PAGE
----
If you were one of those people who greeted the launch of Google’s new Google+ social network with the words: “Oh no, not another one,” then you may be interested to know that you’re not the only one.
A study conducted by academics at the University of Cambridge and U.K.-based telco giant BT says that one in three people feel “overwhelmed” by technology. Surprisingly, the study claims that a third of adults, and an amazing 43% of 10- to 18-year-olds, are already trying to cut down or control their use of social technology.
A digression: Let’s pause for a moment and consider the nature of “survey” stories. They’re a classic ploy for publicity by public relations companies engaged to get column inches for their clients. Usually, their conclusions are little more than “Most people love widgets, according to a survey by Widgets, Inc.,” which is never very interesting to write, let alone read.
This survey has better credentials than most, though. It was undertaken by a team from the University’s Engineering Design Centre, lead by Anna Mieczakowski – whose job title is “BT Research Fellow”. There’s the connection. Digression over.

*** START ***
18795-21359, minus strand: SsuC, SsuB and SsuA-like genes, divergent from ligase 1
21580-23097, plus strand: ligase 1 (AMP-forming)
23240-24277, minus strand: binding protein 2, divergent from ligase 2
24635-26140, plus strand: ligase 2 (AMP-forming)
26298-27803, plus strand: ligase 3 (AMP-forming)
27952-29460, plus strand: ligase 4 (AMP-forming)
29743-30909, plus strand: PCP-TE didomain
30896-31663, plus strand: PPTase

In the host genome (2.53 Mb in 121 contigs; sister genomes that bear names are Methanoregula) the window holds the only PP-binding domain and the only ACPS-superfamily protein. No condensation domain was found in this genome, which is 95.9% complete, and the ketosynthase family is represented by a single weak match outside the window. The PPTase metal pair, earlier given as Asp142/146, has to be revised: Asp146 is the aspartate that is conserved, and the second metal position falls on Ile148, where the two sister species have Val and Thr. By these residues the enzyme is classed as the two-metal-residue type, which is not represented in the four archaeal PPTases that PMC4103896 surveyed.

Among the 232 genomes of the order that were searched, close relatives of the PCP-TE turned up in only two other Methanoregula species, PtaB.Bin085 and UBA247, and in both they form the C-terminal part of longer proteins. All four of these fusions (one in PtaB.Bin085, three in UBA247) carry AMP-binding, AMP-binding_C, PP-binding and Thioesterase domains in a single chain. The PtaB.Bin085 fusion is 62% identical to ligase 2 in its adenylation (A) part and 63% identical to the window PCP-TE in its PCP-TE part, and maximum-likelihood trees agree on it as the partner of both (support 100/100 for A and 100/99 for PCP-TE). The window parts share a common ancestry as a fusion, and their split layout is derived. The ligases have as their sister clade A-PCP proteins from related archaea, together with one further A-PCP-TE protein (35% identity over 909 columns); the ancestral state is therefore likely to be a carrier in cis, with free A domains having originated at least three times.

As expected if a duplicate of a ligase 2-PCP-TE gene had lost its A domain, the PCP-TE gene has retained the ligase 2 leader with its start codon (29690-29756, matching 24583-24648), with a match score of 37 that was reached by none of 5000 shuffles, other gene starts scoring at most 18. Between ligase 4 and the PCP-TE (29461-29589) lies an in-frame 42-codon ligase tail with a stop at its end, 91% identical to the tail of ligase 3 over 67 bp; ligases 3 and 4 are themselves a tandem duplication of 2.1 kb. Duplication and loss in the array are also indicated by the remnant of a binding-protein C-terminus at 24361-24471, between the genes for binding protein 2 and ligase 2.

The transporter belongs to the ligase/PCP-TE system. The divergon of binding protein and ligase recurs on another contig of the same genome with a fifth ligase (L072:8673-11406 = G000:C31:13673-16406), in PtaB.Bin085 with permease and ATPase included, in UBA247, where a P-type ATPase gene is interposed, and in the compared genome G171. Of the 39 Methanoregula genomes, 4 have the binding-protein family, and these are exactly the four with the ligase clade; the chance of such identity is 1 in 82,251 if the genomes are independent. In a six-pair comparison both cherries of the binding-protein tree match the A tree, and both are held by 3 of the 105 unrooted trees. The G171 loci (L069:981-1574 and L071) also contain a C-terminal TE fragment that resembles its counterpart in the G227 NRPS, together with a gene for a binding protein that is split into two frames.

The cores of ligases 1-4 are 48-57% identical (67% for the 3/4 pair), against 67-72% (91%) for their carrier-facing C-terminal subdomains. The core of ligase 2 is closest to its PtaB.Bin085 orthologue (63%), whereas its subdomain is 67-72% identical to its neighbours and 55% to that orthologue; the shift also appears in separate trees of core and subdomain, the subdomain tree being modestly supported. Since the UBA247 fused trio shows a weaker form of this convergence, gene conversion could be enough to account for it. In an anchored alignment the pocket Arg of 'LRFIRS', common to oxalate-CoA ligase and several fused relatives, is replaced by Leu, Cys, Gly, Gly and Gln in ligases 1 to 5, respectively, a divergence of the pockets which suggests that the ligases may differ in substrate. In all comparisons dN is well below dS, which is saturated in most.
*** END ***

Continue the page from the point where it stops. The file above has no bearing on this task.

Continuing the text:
The survey studied the communications habits of families in the U.S., U.K., Australia and China. Each person was asked to keep a diary of all their communications activities for a week. Did they talk face to face, or use technology – if so, which one? After that, a follow-up survey was sent out to 1000 individuals in each country.
Some of the stats that emerge are interesting. One third of parents said technology can disrupt family life. Nearly 20% said they used tech for more than seven hours a day, and 37% expected this figure to rise in future. You can download the full report as three fat PDF files from this BT blog post.
No matter what BT’s ulterior motives were for publishing this study, there’s an underlying point to consider: Do you need to be online as much as you are? Do you need to sit in front of screens as much as you do? Could you keep in touch with some people in different ways? Do you really, truly, honestly, need a Google+ account?